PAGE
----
Winter at The Pheasant means shorter days and dark evenings. But while your sightseeing hours may be more limited you can enjoy a celestial activity when the sun goes down on a clear night – spectacular star gazing.
If you live in a city you’ll rarely get the chance to marvel at the jewels of the night sky, as light pollution affects your visibility. But here in the Lake District we enjoy big open skies and amazing displays of the major star constellations, nebulas (shimmering clouds of gas and dust) and magical shooting stars. Include a spot of star gazing on the travel itinerary at The Pheasant Inn.
What to pack
- Warm clothing – cosy jumpers, thick outdoor coats, hats, scarfs gloves and wellies. Pop a blanket in too - it gets chilly in the Lakes after dark!
- A flask which we can fill with your hot drink of choice before your star gazing expedition.
- Strong torch to find your way to a suitable star-watching spot.
- A fold-up camping chair is useful so you can sit down and settle in under the stars.
- High energy snacks, or order one of our hearty packed lunches to nibble on throughout the evening.
- Some dedicated star-watchers take binoculars, but on a clear night you should see enough with the naked eye.
Where to go
You’ll get great views of the stars from most Lake District locations but certain sites near The Pheasant are really special after dark:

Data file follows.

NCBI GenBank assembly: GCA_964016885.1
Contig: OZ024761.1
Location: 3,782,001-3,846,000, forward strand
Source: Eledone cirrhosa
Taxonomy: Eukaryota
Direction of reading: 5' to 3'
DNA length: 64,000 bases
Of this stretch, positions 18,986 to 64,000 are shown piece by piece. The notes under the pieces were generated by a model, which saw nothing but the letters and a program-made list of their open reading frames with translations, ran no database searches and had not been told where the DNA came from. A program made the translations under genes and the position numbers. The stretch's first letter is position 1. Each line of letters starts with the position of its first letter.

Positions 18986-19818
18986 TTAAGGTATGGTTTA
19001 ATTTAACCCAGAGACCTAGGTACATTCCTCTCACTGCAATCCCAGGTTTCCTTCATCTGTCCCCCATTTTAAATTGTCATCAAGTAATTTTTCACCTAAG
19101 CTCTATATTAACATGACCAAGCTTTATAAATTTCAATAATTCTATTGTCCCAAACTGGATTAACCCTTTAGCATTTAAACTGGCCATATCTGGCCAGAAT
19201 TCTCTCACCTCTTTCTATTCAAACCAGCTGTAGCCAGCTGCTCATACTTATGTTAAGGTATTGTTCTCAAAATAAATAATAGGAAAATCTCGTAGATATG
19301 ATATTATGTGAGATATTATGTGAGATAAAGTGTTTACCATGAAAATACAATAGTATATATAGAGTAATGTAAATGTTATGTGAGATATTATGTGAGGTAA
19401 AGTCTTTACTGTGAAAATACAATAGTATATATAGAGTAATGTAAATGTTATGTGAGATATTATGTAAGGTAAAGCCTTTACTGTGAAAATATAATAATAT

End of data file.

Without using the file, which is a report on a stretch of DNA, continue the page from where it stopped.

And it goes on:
Whinlatter Forest Park, Keswick
Cumbria’s mountain forest is nestled in between Bassenthwaite Lake and Derwentwater – an ideal vantage point to spot thousands more stars than you’d see in a town or city. Visit during new moon at the start of December to get a glimpse of the Milky Way.
Friar’s Crag, Keswick
This famous viewpoint overlooks stunning scenes during the day, and at night it’s a pretty and peaceful place to see over 4,000 twinkling stars. You might even hear the local Tawny Owls hooting as you look up at the night sky. There’s a flat accessible walk to and from the crag but just be careful of the unprotected edge at the end.
Allan Bank, Grasmere
The grounds around Allan Bank villa – the former home of poet William Wordsworth – have been awarded ‘Dark Sky Status’ thanks to very low light pollution levels. The Orion constellation is a big highlight of this star gazing site, made even more spectacular against the backdrop of the Lakeland fells.
When to go
The best time to go star watching is when the sun has fully set on nights where there’s no bright moon affecting visibility. There are only two weeks of each month with completely dark skies, so check out the Go Stargazing calendar to choose the starriest nights of your Lake District stay: https://gostargazing.co.uk/dark-sky-calendar/ Keep an eye on the weather too; it’s difficult to spot stars and constellations on a cloudy evening.
View our availability here for your starry-eyed stay at The Pheasant Inn. We’re also running Winter Warmer offers with two and three night stays plus vouchers for our Bistro for midweek breaks between now and March 2019.